Every so often when I read complaint letters by consumers complaining of mistreatment by sellers, I think of Davis, California -that gradually remarkable city of 37,000 people located in a farming region near Sacramento.
Davis received some national publicity in the late Seventies because of major successes in energy conservation, including a high percentage of its population riding bicycles and weatherizing their homes. None of this media attention went to Davis’ head; indeed, there now appears to be a critical mass of community consumer cooperative development that is taking off. Davis is co-op city, U.S.A. in more ways than one.
Start with the mayor, 35 year old Ann Evans. She has been a co-op starter, leader and advocate for almost fifteen years. She started a food co-op, became its president, was elected to the Davis City Council and then to the mayor’s office. Along the way Mayor Evans became president of the California Co-operative Federation.
During these years, she has worked at the California State Department of Consumer Affairs. As a local public official, she led Davis to the first Cable TV Co-op in the nation, guided the city to promote co-op housing and establish a revolving fund to help small businesses and co-ops get underway. Her husband, David Thompson, an official of the National Co-operative Business Association, helps advance co-ops in the western part of the U.S.A. He described his town in a recent interview in the magazine, Information:
“Davis possesses a reservoir of idealism. I help channel that energy. The population is open to new ideas, so are co-ops. Our people like to look to the future. They are practical, not dreamers. That union of idealism and practicality is the stuff of which co-ops are made.”
A tour around Davis will reveal both consumer and worker co-ops -the latter in truckfarming and farmers markets. There are co-op credit unions, a co-op taxi company, a sports goods co-op, day care co-ops, an elementary co-op school, a vegetarian restaurant co-op called The Blue Mango, a co-op memorial society and an assortment of campus co-ops related to the Davis branch of the University of California.
Some of the housing co-ops have built solar homes or attached solar systems to their conventional residences. One such project– Village Homes — is planning to provide low-cost, energy-efficient housing for low income persons and students. There is an artists’ marketing co-op called The Artery launched by artists who needed a space to exhibit and sell their work.
In terms of sales, the largest Davis cooperative is the Davis Food Co-op with sales nearing $3 million a year. The pleasant store, filled with locally purchased fresh foods and providing an area for little children to play while their parents shop, has 30 paid employees and 1,000 active members who work from 2 to 4 hours per months. There is a natural food and healthy diet emphasis in the store.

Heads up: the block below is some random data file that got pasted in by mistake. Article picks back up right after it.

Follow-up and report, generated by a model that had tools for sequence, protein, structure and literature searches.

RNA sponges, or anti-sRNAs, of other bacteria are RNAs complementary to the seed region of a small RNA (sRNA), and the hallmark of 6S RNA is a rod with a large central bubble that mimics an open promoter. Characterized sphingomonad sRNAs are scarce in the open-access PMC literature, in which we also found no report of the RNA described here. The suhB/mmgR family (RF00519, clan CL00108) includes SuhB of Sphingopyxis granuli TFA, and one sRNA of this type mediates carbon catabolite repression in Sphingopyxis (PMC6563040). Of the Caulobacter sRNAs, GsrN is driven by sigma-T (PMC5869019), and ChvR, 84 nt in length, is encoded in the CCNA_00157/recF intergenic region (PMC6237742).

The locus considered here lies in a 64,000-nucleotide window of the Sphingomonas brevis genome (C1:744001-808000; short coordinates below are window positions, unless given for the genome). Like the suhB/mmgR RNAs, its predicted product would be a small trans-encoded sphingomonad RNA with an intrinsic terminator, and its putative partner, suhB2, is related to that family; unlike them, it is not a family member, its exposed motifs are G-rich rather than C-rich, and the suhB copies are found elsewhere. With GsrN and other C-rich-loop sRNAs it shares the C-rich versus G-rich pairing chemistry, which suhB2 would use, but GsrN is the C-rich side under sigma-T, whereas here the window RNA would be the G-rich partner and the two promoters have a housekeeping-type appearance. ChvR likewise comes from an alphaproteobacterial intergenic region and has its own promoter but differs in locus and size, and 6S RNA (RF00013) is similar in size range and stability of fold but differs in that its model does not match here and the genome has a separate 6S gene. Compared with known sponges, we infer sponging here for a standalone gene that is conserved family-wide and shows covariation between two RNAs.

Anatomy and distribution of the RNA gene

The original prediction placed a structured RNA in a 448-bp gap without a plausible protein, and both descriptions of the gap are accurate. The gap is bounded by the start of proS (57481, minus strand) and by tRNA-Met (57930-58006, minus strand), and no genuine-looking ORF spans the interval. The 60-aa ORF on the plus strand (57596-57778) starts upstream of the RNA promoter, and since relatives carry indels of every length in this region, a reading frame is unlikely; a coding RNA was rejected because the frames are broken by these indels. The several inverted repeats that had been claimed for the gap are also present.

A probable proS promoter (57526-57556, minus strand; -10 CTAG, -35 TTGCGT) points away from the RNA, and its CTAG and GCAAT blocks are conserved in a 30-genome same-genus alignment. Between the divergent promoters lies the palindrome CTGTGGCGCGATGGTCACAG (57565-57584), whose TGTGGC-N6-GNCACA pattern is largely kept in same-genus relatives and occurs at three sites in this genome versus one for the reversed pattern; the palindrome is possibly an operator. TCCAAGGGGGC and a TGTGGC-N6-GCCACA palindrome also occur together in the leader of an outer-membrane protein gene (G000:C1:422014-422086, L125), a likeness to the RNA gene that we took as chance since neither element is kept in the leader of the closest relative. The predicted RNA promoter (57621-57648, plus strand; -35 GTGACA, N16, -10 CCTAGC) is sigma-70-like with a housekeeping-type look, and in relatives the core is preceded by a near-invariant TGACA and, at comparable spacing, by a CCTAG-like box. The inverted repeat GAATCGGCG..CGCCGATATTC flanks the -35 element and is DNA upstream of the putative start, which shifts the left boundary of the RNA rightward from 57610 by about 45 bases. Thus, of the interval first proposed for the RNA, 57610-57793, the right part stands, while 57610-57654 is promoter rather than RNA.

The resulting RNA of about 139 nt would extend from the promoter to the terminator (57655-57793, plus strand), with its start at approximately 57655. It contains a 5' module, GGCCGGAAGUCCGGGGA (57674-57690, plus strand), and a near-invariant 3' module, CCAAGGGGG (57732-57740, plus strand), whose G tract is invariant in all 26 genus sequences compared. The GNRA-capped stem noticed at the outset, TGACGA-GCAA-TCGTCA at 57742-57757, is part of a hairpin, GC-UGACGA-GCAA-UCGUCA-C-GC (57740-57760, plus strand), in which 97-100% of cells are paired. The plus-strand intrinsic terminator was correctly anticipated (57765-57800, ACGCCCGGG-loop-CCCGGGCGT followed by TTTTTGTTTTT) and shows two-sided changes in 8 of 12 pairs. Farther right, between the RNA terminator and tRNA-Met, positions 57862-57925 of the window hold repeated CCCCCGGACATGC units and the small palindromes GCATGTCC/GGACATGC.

The most pioneering co-op is the community cable tv system. Unlike other communities, Davis voted to have its subscribers own and control the system instead of some absentee cable conglomerate. With a loan from the Cooperative Bank in Washington, D.C., the system is cablecasting local programming along with the more conventional fare for its 5000 members. As it grows, members will receive patronage refunds along with wide opportunities to help shape this basic community communication facility.
Visitors come from the U.S. and other countries to observe the co-operative economy developing in Davis. They observe the spirit, the ambience, and the growing awareness of the advantages of consumers handing together to see if such intangibles can catch in other towns and cities. Certainly co-ops require a more assertive role by buyers with a broader knowledge of the fruits of such cooperation, not just for the family budget but for the impact on health and safety.
Co-ops have been around in our country for over one hundred years, but they have not transformed the economic countryside. In Europe, co-ops are larger and have a sizable share of the economy’s compared to the U.S. But even there, as our just published report — Making Change: Learning from Europe’s Consumer Cooperatives — observed, co-ops tend to stagnate when they are not given to a larger vision of what a future economy can be like that is consumer-sovereign.
In the nineteenth century, the early cooperative vision in Europe embraced community self-reliance, the abolition of poverty and the enhancement of economic justice by shaping the delivery of housing, food, transportation, energy, health, finance, insurance and other products for the consumers’ benefit. In the present era of giant multinational conglomerates, depersonalization of the marketplace, and technological hazards proliferating from pollution to product, it is time for another look at consumer cooperatives.
(Interested readers may wish to write to Mayor Ann Evans for information on the Davis, California experience.)